spot, Thus unsuccessful, I saw him nex t.,•from
some of the passers by ask charity, but so timid
ly, that I saw he feared the repulse of harsh
words, which, as I watched him, in some ,
stances tint his solicitations ; while others
passed him without the slightest notice. Ap
parently very tired, he now seated himself on'
a door step, still looking eagerly about him, a s
though anxious for another opportunity to pre
sent itself, when he. might with success offer
his services. While he,was thus employed, an
open carriage came rattling up the street, and,
pulling up, alady alighted at the house. imme
diately opposite to where the young street
wanderer sat. I watched the play of his, fea
tures' as his gaze rested upon two little fellows
of apparently his over: age who were in the
carriage, and who, in spite of an elderly-looking
nurse's efforts to restrain them were gamboling
with each other ,rather boisterously. In the
true spirit of boyish. glee and mischief, they
were endeavoring with. parasols to push off the
pat of the footman, who, seemingly as much•
amused as themselves. while standing ..by the
carriage awaiting the lady's return, was giving
them opportunities to accomplish their object.
Yes, right joyous were they ; and with their
costly dresses, rosy, cheeks, and bright eyes,
presented a striking contrast to the little fellow
who, in rags and wretchedness, from the door
step, was earnestly observing, them. I . would
have given much to have known his thoughts
in these moments;, to have read, like the pages.
of a book, the feelings of his heart, while
watching them in their , gambejs. There was
no envy in the expression of his countenance;
but, by the fixedness of gaze, .I. judged that
the sight of the carriage and .its young occu
pants at that . , juncture, had given birth to
train of thoughts and ideas as new as they were.
perhaps, sadding. Did he, think that fate had
dealt hardly with him Did he in his cogita
tions become bewildered in a labyrinth of
thought in endeavoring to account for the why
of their being's°. differently situated ? or did
fancy in his young brain raise some strange
speculation on the world and the disigns of
Him who made it?
After a short time bad elapsed, the door of
the house opened,and.the lady came forth, she
entered the carriage the footman mounted
behind, away they rattled down the street, and
were soon out of sight. I turned to look at
the boy ; he seemed to have fallen into a
reverie, sitting motionless, while his gaze rested
on the part of the n street where the- carriage
had disappeared. „,
When I again observed him, he' bad left his
seat, and was rapidly crossing the street; to
meet a female who, attired somewhat above-the
common garb, was advancing' on the . 4posite
side, and bearing in her arms a rather bulky
pardel, which she appeared inconveniently to
carry., As I had seen him salute the horse
man, the street-wanderer, in addressing her,
touched his `
cap and evidently tendered his
service to carry the parcel. The woman paused
a mosnent to look at the applicant, when, either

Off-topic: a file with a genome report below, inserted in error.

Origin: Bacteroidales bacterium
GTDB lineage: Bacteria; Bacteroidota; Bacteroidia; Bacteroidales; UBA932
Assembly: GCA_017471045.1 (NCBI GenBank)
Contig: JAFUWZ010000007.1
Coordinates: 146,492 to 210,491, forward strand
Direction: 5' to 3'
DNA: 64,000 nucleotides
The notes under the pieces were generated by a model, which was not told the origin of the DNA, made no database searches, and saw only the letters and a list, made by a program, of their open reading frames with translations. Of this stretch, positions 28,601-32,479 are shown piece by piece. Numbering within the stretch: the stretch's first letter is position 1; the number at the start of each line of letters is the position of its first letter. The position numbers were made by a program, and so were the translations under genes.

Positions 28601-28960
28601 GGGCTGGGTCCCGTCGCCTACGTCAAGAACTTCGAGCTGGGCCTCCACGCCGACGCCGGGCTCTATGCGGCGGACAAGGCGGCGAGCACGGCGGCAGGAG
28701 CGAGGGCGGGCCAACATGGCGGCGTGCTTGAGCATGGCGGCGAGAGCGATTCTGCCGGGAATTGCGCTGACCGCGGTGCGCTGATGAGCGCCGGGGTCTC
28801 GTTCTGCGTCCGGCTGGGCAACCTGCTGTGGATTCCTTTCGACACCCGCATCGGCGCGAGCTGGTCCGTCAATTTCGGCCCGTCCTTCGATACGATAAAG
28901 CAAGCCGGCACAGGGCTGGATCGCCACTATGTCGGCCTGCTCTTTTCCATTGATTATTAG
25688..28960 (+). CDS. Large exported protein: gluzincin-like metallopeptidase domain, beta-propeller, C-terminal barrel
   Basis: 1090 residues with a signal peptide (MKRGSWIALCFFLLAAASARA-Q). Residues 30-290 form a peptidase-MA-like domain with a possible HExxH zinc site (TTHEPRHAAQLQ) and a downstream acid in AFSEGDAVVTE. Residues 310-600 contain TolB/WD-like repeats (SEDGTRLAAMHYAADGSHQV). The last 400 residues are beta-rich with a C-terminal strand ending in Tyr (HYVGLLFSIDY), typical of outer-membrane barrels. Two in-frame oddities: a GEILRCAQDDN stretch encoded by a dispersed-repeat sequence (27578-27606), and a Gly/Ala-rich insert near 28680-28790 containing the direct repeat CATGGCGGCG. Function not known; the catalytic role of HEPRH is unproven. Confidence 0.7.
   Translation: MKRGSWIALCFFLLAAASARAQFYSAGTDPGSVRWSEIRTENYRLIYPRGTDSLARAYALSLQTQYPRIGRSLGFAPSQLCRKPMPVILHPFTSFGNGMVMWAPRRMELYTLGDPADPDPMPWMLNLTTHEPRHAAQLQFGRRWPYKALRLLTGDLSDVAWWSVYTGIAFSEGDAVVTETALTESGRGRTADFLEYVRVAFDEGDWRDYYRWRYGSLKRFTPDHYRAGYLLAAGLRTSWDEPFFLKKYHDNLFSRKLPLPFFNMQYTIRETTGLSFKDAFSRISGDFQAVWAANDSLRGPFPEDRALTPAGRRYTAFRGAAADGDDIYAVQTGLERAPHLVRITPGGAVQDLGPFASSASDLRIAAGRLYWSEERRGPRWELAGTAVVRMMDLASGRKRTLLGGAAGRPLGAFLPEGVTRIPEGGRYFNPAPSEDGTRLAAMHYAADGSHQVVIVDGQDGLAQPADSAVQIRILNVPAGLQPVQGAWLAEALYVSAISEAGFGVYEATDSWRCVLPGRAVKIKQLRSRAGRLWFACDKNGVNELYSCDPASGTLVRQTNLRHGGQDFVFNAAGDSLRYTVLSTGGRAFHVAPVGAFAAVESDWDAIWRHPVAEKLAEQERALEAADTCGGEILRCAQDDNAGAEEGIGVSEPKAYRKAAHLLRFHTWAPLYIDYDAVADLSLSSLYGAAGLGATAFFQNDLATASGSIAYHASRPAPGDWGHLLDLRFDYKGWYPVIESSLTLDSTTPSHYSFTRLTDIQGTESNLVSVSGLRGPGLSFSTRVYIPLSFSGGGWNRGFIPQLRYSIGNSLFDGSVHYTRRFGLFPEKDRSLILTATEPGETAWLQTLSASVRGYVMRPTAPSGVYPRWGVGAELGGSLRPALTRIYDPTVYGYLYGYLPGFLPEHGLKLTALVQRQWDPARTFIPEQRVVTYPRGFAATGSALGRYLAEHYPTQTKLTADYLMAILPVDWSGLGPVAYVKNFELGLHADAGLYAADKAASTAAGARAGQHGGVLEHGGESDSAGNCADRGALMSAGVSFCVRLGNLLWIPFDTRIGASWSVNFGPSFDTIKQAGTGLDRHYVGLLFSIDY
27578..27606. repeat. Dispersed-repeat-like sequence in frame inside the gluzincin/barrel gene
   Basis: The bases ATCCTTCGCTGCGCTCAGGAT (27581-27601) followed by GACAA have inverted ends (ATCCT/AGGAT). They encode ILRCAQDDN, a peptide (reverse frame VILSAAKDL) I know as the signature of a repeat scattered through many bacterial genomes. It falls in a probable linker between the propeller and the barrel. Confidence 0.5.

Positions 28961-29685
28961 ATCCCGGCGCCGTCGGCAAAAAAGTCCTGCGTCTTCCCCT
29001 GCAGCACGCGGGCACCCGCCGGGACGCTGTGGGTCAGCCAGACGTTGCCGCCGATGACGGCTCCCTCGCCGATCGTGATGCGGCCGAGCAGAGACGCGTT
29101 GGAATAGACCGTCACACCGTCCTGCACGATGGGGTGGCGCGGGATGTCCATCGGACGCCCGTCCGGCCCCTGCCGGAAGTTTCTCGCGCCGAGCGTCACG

deeming him '4.00 diminutive for the burden,
or actuate by a spirit of economy, with some
brief but decisive remark, she turned from' him
and resumed" her walk. At the same moment.
a boor of a potter, rather than diverge from
his path, knoi.ked toughly against the boy, who
was standing on the pavement, and sent him
staggering against" the wall,'•coritinuing his
heavy tread onward, without as much as turn
ing his head to see whether or not the little
fellow had fallen. •
Thus twice had I seen the cup held to his
lips and dashed away; twice had I seen him
strong in hope, aua twice - in disappointment
deep.' - Wherenow, boy, is thy energy? where
they spirit, thy resolution? Methinks thou
GREENCASTLE, PA., TUESDAY, JUNE'I6, 1863.
needest them now. Alas! thou art but a child;
and at thy age the green fields, where the birds
are blithely singing, or the jocund playground
with your kindred spirits, where sport hath its
daring and its perseverance too, were more fit
ting places to bring forth such exalted qualities
than the crowded street—where want, per
haps, spurs thee to attempt; where fortune
frowns upon thee, and hope seems to whisper
only to 'deceive! courage thou , hast up ~more..
it has left thee, else wonldst thou not
so dejectedly bang thy head, and creep along
the street; as thifigh thou went upon forbidden
ground, or trespassing in sharing the ,light of
the fading day , aucl the breath of heaven with
those who are heedlessly hurrying past thee.
After his.,,last, unsuccessful . application, I.
next saw the; dispirited, little fellow ;turn down
a small, little-frequented street,.and with the
intention of meeting. end speaking to him .
made a short detour, soon gaining the opposite.
end of the street which I had seen him enter.
The buildings .consisted entirely, of, warehouses,
which were closed for the night;, and .knowing :
that he could scarcely have entered one of
them, I, was not a, little surprised, to find the
street apparently deserted. , Advancing a few
paces, however, the mystery was
Nestling in the corner of a warehouse doorway,
with his head, resting on his little hand, my
eyes felt upon the, wanderer I was,in search of,
Allsorbed in his, grief I approached him un
seen, unheard. Ah ! need I say that he .was
Reader, the boy had c a home; I saw it; a